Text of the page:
I was struck – reader’s voice: “Yes, you should be” – by the case of Steve Feltham, who this month celebrates 25 years of searching for the Loch Ness Monster, mysteriously known as Nessie.
Mr Feltham left Dorset quarter of a century ago and pitched up in a converted mobile library beside an inn on the banks of the arguably watery loch. In all that time, he has seen nowt, barring a disturbance in the waves made by something moving right quickly and powerfully.
Alas, he did not have his camera with him that day, which is like a policeman turning up for work without his whistle. I am getting a message in my earpiece from my researchers: policemen don’t have whistles now, except in a few places like Cambridge where they are used to call unruly cyclists to order. How extraordinary.
Not as extraordinary, however, as Mr Feltham’s dedication to the task of finding something that, frankly, might not be there. But, after 25 years, is he downhearted? No! He describes his life as “a complete joy”, having given up “the normal path of the rat race, getting married, buying a house and working all my life”.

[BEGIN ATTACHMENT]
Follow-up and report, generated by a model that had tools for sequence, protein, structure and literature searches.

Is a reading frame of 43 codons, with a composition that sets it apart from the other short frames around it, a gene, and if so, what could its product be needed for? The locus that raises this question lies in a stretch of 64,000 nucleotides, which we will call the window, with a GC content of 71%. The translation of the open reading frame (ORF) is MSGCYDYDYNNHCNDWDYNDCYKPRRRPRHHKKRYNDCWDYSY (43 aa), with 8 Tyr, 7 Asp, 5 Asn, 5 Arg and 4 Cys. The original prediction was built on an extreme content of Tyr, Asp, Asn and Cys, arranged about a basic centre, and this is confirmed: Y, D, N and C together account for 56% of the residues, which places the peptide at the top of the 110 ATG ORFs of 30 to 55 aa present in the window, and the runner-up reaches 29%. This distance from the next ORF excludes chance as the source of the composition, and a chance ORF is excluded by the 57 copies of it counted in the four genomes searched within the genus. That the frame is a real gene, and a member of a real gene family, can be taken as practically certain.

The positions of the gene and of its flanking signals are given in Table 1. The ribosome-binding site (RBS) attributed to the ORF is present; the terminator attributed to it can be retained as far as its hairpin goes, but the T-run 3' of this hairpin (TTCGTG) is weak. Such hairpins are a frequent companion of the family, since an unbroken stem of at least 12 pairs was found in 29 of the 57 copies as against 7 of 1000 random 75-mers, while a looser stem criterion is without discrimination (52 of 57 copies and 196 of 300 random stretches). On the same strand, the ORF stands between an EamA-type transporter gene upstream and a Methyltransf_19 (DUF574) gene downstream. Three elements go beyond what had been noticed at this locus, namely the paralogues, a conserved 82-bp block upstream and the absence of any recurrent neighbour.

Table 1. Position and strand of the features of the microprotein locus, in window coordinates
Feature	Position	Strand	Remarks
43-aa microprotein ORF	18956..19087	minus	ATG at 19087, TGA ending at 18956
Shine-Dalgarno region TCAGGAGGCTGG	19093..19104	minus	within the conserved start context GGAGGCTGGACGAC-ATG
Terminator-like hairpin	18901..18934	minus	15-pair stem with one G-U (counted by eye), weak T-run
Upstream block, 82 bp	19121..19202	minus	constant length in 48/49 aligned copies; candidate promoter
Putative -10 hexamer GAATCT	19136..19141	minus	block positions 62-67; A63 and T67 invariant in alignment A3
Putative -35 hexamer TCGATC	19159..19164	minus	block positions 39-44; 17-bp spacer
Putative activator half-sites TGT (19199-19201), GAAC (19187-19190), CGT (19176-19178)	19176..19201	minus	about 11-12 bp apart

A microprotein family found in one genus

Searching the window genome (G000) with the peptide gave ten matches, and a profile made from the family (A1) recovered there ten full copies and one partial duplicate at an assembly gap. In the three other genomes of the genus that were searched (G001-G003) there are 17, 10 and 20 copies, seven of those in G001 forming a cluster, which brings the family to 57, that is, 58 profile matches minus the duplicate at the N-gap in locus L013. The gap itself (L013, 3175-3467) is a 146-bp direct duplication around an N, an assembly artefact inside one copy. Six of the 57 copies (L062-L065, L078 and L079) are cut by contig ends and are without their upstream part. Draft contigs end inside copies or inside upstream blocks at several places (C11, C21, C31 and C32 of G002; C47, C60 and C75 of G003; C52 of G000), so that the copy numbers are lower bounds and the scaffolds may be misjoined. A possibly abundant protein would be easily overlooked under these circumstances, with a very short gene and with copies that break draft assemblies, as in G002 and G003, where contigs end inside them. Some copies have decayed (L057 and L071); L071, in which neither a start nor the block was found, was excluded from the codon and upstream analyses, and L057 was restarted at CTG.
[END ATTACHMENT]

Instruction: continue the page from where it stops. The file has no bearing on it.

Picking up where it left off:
Ah-ha, he has dropped out, as we used to say, though it is fair to note that he makes a living of sorts by making Nessie paraphernalia and selling it to tourists. Nessie, in a sense, is neither here nor there. For Mr Feltham is free, and who would not envy him his way of life, with all that fresh air and, perhaps still, a new sense of excitement every day as he scours the dark, rolling waves?
With the advent of yon internet, I have noticed there’s quite an appetite out there for sightings of ghosts, yetis, monsters and UFOs. However, the opportunity to produce proof has yielded a dearth of same, with only rubbishy lights in the sky or dark shadows in the woods to sate the paranormal craving.
The latest intelligence is that there is a pyramid under the sea, which was put there – obviously – by beings from ooter space. Well, I suppose even they had to have a hobby.
Still, there are more things on heaven and earth than you can shake a stick at, and some of these are probably improbable. Postulators propose that Nessie is possibly a dinosaur or even a giant catfish (Mr Feltham himself has wondered about this).
Whatever she is, you’ve gotta feel for the old gal. She hasn’t done anyone any harm, other than eating them from time to time. But I guess her diet now is pretty much like mine: fish and vegetables.
It would be a shame if she were to be seen. If I were in Mr Feltham’s wellies, and I saw Nessie, I wouldn’t let on. I’d throw her a haddock, from the several that I usually carry about in my pockets, and wish her all the best.
Who would want to be drawn into the media circus that would inevitably attend discovery? One minute, she’s peacefully plooterin’ aboot the floor of the loch, the next she’s on The Graeme Norton Show.
I wish Steve Feltham another happy 25 years keeping vigil on the loch, but kinda hope he doesn’t see anything. His fine way of life is surely compensation enough.